It’s an unrelenting cascade of language, English tinted with Scottish dialect and peppered with French vocabulary. Lyrical and poetic, images come thick and fast – there is a dazzling moment when Cameron reels off a seemingly endless list of food going into the fattening man’s gob. Strangely, this highlight is symptomatic of the piece’s problem for me: I am more impressed by the skills of the charismatic performer, by the torrent of words rather than their meaning and the story they are trying to convey. I find myself unengaged – after the first brief interlude, in which the audience is served madeleines – I can’t get back into the story at all and I am swept along by the music of the speech. I become a little bit bored but I force myself to concentrate and try to keep up. There are other interludes in which we get a date (the edible kind on a cocktail stick), a tot of whisky (hurrah!) and a piece of dark chocolate. I pick up the narrative thread again – there’s been an inheritance windfall and there’s a lighthouse in it now…

I want to like it more than I do. Cameron is so charismatic and expressive, you can’t take your eyes off her. But somehow I’m just not getting it. I suppose it’s the story of how a man’s selfishness ruins a marriage, which in turn blights a young girl’s life, before his redemption through spending time with his daughter. The wife is so much of a victim she cannot extricate herself from her drudgery; it takes a deus ex machina in the form of a windfall to get her out.

Visual and aural interest are maintained by Hansjorg Schmidt’s lighting and Paul Clark’s music, and director Suzy Willson has Cameron making a world of a simple chalk circle and its lone wooden chair, enabling us to cast and set the story in our imaginations. The characters are grotesques, the situation symbolic, but the relentless storm of words is too slippery for me to grasp.

Chair-ismatic: Sarah Cameron in full flow (Photo: Christopher Bethell)

Chair-ismatic: Sarah Cameron in full flow (Photo: Christopher Bethell)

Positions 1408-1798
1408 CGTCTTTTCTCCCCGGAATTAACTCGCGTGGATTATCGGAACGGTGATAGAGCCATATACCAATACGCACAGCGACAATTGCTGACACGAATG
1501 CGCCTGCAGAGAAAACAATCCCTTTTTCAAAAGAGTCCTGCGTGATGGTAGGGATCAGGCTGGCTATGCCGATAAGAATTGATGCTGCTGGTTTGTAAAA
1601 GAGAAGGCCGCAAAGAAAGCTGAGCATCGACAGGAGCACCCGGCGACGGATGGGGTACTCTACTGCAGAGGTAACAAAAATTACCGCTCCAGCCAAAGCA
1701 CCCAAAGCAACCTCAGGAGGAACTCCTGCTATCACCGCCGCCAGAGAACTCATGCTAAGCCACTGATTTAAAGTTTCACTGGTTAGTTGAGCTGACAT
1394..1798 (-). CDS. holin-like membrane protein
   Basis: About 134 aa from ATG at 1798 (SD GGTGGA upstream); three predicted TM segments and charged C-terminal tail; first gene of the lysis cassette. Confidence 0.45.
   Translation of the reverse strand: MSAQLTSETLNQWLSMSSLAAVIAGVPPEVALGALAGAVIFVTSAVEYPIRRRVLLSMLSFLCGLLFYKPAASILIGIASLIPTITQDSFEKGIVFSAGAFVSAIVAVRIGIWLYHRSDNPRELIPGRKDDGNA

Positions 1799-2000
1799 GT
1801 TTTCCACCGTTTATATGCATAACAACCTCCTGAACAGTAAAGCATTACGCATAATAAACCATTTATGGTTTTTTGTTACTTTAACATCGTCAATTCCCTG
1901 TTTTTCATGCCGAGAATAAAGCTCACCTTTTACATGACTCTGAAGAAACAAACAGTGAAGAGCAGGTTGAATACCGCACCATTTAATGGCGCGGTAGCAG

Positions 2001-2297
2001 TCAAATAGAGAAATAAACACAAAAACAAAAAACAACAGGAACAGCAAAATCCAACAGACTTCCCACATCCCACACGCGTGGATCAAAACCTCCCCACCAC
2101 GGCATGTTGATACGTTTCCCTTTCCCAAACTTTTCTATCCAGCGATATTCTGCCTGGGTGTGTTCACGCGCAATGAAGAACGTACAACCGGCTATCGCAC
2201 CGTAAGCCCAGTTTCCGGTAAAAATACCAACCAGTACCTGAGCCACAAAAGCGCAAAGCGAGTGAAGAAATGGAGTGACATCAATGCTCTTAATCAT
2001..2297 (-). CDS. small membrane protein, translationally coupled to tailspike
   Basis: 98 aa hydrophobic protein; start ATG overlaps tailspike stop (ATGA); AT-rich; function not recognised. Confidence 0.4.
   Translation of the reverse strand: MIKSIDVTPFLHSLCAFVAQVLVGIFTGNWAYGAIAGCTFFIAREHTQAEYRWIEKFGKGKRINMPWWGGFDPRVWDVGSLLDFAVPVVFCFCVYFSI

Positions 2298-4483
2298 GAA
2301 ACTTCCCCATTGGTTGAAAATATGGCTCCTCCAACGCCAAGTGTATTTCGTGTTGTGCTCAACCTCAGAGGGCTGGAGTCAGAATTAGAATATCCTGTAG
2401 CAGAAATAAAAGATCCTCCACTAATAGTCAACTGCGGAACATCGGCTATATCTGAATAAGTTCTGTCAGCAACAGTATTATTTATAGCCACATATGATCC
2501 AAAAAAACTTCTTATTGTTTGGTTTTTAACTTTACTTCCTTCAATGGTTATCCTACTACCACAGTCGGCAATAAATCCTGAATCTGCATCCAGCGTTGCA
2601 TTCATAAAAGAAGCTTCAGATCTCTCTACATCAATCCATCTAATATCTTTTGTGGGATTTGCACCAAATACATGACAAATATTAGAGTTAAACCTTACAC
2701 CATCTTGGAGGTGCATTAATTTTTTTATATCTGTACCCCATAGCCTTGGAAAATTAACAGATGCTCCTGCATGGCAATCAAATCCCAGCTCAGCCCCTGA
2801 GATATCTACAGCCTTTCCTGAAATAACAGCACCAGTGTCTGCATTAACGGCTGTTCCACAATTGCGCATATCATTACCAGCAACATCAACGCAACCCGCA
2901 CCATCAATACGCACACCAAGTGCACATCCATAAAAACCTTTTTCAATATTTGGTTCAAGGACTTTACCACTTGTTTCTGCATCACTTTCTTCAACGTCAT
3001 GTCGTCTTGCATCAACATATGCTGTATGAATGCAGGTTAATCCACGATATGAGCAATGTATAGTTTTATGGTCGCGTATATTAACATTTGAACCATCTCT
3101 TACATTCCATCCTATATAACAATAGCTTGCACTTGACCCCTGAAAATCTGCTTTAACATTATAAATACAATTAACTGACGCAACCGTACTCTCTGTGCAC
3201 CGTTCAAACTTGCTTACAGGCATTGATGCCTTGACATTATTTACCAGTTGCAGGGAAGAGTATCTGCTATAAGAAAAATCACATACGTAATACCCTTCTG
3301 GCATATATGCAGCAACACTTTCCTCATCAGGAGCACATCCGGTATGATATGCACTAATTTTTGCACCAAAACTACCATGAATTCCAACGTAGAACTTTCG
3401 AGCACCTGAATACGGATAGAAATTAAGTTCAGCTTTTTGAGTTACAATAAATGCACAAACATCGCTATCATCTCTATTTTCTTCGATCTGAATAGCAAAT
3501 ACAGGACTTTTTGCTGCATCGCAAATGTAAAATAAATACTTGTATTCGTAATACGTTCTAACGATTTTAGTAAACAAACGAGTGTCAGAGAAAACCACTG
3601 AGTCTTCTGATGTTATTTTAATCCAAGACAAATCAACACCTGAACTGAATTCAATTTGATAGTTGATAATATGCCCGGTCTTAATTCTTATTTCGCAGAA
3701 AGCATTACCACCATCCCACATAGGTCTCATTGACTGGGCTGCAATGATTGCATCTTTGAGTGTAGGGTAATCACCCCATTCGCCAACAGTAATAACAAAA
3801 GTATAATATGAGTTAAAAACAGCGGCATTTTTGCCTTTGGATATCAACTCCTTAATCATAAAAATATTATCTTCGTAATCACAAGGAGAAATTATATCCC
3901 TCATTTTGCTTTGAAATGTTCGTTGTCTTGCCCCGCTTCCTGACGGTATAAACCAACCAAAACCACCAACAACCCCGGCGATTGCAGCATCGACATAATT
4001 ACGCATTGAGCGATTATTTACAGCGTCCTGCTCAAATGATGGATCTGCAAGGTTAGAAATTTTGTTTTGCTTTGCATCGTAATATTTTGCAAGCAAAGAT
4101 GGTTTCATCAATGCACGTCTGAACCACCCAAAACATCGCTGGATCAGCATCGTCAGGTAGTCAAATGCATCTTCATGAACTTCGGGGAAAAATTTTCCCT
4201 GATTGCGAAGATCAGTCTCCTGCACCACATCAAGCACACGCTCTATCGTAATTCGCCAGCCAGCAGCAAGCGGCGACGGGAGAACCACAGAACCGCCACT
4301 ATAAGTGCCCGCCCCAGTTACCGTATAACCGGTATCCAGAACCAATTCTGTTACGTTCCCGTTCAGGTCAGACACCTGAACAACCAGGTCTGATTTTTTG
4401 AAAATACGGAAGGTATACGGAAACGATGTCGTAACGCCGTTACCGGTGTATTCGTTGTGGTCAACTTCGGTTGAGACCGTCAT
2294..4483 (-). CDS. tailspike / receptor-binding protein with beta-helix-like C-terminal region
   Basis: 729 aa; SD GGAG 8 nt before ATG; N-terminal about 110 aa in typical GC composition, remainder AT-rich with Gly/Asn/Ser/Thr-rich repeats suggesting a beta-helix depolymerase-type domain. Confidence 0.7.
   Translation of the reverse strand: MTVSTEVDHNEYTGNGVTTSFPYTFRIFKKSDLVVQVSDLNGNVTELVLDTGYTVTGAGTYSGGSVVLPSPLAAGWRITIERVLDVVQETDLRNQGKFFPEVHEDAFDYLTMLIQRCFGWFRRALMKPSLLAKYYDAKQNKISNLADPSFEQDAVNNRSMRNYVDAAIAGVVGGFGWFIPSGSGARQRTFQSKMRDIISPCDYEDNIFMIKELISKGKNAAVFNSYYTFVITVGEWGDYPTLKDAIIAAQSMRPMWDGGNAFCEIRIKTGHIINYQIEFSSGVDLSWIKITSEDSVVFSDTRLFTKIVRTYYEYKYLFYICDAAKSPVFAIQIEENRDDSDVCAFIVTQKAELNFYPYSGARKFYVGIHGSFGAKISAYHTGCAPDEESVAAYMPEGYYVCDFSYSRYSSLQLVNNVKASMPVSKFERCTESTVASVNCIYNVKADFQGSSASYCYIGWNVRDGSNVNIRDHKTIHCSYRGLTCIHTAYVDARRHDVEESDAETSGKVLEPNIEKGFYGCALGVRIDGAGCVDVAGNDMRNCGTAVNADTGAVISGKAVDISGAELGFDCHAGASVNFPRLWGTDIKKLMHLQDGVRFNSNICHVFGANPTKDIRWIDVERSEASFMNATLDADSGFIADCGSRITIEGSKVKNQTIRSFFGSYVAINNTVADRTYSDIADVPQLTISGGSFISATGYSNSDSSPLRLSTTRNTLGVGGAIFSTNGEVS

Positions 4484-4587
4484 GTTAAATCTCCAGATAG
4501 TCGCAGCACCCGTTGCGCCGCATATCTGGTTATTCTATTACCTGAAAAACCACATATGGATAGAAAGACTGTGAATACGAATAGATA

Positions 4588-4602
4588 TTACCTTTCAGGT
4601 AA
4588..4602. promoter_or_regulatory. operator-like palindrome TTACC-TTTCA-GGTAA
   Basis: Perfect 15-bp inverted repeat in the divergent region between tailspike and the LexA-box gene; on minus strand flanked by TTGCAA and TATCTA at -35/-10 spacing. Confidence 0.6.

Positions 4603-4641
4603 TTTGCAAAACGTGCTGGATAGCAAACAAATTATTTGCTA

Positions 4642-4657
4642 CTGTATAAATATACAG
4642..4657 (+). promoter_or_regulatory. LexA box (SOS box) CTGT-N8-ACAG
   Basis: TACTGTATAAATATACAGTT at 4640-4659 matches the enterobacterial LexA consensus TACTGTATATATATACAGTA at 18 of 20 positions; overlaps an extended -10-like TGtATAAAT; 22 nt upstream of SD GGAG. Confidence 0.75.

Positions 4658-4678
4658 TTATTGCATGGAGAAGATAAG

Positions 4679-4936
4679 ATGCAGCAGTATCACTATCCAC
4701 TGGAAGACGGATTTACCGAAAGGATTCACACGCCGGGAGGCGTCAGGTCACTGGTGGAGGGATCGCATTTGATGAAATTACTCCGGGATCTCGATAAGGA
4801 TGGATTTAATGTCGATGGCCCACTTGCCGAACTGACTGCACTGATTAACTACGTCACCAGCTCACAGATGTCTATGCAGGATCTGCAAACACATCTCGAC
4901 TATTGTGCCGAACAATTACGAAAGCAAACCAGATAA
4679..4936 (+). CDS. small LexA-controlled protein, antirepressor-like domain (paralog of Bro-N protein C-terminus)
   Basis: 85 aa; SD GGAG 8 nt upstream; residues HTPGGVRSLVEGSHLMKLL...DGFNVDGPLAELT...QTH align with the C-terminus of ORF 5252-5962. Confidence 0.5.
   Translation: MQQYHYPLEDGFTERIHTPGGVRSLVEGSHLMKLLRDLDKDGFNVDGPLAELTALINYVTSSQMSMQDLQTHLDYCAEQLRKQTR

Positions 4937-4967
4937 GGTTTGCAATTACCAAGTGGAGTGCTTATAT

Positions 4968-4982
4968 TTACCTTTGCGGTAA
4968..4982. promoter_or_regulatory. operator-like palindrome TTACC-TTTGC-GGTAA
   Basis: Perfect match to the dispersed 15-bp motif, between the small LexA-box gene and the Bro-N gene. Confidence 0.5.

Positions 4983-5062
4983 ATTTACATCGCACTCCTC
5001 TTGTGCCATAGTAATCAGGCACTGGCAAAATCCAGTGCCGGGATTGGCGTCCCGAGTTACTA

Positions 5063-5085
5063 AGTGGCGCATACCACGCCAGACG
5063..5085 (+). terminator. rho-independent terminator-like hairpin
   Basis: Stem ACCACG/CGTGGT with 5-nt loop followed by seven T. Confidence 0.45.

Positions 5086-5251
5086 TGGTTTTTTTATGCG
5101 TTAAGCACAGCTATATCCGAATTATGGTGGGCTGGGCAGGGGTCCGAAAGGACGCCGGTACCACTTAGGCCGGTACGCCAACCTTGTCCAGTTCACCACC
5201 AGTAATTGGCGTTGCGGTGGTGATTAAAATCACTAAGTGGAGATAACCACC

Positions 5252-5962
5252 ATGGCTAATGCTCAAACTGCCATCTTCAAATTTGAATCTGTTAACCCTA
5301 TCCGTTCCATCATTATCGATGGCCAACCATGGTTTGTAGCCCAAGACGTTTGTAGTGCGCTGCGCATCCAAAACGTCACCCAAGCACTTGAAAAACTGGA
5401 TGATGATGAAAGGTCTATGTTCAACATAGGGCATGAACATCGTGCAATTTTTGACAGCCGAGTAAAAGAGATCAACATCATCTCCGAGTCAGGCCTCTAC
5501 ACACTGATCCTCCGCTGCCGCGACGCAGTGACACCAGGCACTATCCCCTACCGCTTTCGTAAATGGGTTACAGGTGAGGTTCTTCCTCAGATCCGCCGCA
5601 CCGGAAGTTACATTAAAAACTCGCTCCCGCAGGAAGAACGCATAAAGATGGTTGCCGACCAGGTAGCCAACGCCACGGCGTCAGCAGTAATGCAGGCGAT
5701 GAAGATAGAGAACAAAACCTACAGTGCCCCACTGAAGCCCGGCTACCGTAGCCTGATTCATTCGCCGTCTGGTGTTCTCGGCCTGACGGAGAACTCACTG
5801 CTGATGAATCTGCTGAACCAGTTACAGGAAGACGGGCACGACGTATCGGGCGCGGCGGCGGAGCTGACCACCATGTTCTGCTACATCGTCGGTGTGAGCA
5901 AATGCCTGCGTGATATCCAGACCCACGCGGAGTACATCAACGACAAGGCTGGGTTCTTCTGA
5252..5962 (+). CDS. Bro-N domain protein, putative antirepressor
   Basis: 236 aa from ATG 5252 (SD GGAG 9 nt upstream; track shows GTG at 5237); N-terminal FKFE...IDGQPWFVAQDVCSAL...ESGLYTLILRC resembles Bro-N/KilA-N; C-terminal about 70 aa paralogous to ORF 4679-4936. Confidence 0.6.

Boxing Clever


The DOOR, The REP, Birmingham, Tuesday 26th May, 2015


This one-man piece written by Geoff Thompson concerns a former boxer, now a trainer, with a message to send. He sets up a camcorder on a tripod and this becomes the focus of his attention and delivery throughout the piece. It as though we are eavesdropping, rather than being addressed directly. He says he wanted to write a letter, an important letter, and so he went to a shop to buy the best paper and the best pen but was advised by the shop assistant that he’d be better off putting his feelings on camera – unlikely, unless she was also selling camcorders, but I’ll let that go – His face, she told him, says more than words.

That face is the familiar and famous face of Christopher Fairbank, known for countless appearances on the big and little screen. You may not know his name but you will have seen him in many things. He delivers a charismatic and captivating performance in what turns out to be a very wordy and complex piece. I find his eloquence does not match his professed inability to put his words on paper – he sounds more like a writer than a boxer (no reason, of course, why he can’t be both) and he seems too at ease with the camera, as if he’s recording the latest in a long line of vlogs rather than attempting to deliver the message that has been burning inside him for years. Better, I think, to see him awkward and fumble initially before finding his voice, rather than pontificating about the nobility of the sport he made his profession. It comes across as storytelling rather than a character revealing himself.